[In response to Debbie Maxwell’s ‘design fictions’]
We designed the antidote flowers to save the bees from the pesticides. That was the point of them. They did their job. They were never meant to do more than that. The bees had to want to pause for a while, collecting nectar, picking up pollen and getting their dose of the antidote. Beautiful and simple. We made them yellow for the bees. We weren’t thinking about anything or anyone else. But it was a new yellow and it turned out our new yellow was what humans wanted too.
It started at the royal funeral. Inside the Abbey, they were strung together the length of the aisle and bunches of them were fixed at the end of each pew. We saw it live on TV. People threw them at the hearse as it passed them in the street.
‘They’re throwing pharmaceuticals at their dead monarch,’ we said to each other. ‘The antidote’s good, but it won’t resurrect the King.’
And then every funeral had them. Every dead commoner was remembered with antidote flowers. Funeral parlour windows were yellowed up. Mourners dropped them onto coffins and wept.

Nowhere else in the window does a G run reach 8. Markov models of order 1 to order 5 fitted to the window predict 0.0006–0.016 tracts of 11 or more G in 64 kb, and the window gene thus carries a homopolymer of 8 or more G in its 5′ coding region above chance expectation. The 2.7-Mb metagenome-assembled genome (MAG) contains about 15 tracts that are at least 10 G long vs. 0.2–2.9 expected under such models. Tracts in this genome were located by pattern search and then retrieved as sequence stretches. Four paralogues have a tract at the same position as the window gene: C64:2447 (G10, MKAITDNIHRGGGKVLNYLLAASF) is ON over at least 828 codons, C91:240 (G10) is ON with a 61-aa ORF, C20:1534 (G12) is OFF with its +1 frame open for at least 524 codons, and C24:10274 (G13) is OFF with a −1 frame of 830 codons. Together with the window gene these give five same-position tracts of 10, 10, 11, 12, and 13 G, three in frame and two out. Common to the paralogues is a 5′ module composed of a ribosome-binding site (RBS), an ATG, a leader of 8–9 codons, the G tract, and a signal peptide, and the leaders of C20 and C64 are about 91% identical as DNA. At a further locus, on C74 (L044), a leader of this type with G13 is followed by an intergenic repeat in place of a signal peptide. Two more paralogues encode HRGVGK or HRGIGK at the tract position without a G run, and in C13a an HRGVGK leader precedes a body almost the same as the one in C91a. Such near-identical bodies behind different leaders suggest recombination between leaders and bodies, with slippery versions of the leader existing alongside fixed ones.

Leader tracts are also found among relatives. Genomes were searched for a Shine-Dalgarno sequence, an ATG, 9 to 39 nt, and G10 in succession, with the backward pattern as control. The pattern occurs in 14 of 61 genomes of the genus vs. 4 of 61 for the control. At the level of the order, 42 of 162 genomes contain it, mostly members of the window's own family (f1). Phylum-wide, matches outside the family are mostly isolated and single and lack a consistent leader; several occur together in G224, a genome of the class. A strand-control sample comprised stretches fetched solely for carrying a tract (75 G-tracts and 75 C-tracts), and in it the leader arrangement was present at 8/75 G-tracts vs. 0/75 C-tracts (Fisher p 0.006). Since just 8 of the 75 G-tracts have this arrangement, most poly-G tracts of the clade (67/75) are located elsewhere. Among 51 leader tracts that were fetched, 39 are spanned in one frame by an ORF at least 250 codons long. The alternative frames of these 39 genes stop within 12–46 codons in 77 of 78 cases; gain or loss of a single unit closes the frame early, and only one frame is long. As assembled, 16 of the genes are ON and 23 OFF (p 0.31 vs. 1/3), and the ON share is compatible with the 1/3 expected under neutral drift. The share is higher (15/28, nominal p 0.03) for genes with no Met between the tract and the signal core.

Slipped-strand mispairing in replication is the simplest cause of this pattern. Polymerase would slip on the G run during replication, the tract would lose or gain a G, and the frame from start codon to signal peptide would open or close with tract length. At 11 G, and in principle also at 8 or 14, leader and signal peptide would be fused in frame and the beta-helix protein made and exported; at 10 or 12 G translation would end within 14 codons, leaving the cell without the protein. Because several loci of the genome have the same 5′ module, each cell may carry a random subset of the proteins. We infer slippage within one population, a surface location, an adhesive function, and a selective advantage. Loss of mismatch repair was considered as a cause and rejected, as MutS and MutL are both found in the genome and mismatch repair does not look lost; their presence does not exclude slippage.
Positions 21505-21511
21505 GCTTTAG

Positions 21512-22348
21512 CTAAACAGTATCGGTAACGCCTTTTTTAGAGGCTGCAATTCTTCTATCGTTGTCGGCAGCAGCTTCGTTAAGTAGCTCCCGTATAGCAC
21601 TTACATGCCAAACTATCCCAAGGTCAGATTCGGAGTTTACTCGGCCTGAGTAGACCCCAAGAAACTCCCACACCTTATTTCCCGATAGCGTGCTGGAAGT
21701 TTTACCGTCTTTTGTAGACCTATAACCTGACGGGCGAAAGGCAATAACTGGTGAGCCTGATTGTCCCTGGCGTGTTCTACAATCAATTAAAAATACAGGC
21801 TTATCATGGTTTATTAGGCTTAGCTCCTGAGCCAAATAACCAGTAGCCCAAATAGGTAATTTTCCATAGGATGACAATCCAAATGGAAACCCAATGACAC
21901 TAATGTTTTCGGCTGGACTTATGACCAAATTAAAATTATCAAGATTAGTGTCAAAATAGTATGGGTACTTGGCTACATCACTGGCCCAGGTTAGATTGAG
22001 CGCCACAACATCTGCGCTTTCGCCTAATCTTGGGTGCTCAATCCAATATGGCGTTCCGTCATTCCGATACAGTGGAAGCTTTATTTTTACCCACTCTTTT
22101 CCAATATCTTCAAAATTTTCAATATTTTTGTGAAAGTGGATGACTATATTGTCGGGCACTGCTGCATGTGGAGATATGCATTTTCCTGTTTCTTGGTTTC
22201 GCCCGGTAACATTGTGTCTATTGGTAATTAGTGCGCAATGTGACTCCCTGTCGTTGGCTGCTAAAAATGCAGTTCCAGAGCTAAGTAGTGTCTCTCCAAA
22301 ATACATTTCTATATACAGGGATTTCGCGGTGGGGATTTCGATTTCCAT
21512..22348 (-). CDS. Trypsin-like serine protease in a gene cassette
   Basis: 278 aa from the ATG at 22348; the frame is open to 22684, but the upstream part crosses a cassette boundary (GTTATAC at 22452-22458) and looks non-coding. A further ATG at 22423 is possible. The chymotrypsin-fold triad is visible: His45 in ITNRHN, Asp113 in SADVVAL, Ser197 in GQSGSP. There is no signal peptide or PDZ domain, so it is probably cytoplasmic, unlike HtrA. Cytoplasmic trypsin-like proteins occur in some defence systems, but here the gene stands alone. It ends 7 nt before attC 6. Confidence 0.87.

The royals made them wedding flowers as well – the bridal bouquet and the buttonholes, broadcast around the world. Antidote flowers for weddings and funerals. We didn’t mean it to happen. We didn’t have some deal with the Palace. They just wanted them, and everyone else did too. They were drawn, like the bees, to that yellow.
The Dutch tried to sue us. We couldn’t blame them. We were beating them in their line of business, entirely by accident. It must have been the final nail, as it were, when their fellow citizens started taking tourist flights over our yellow fields. We had to acquire more land to meet the demand. We had no choice. To think, a few antidote flowers in the hedgerows had become a carpet of yellow from coast to coast. You could see it from space.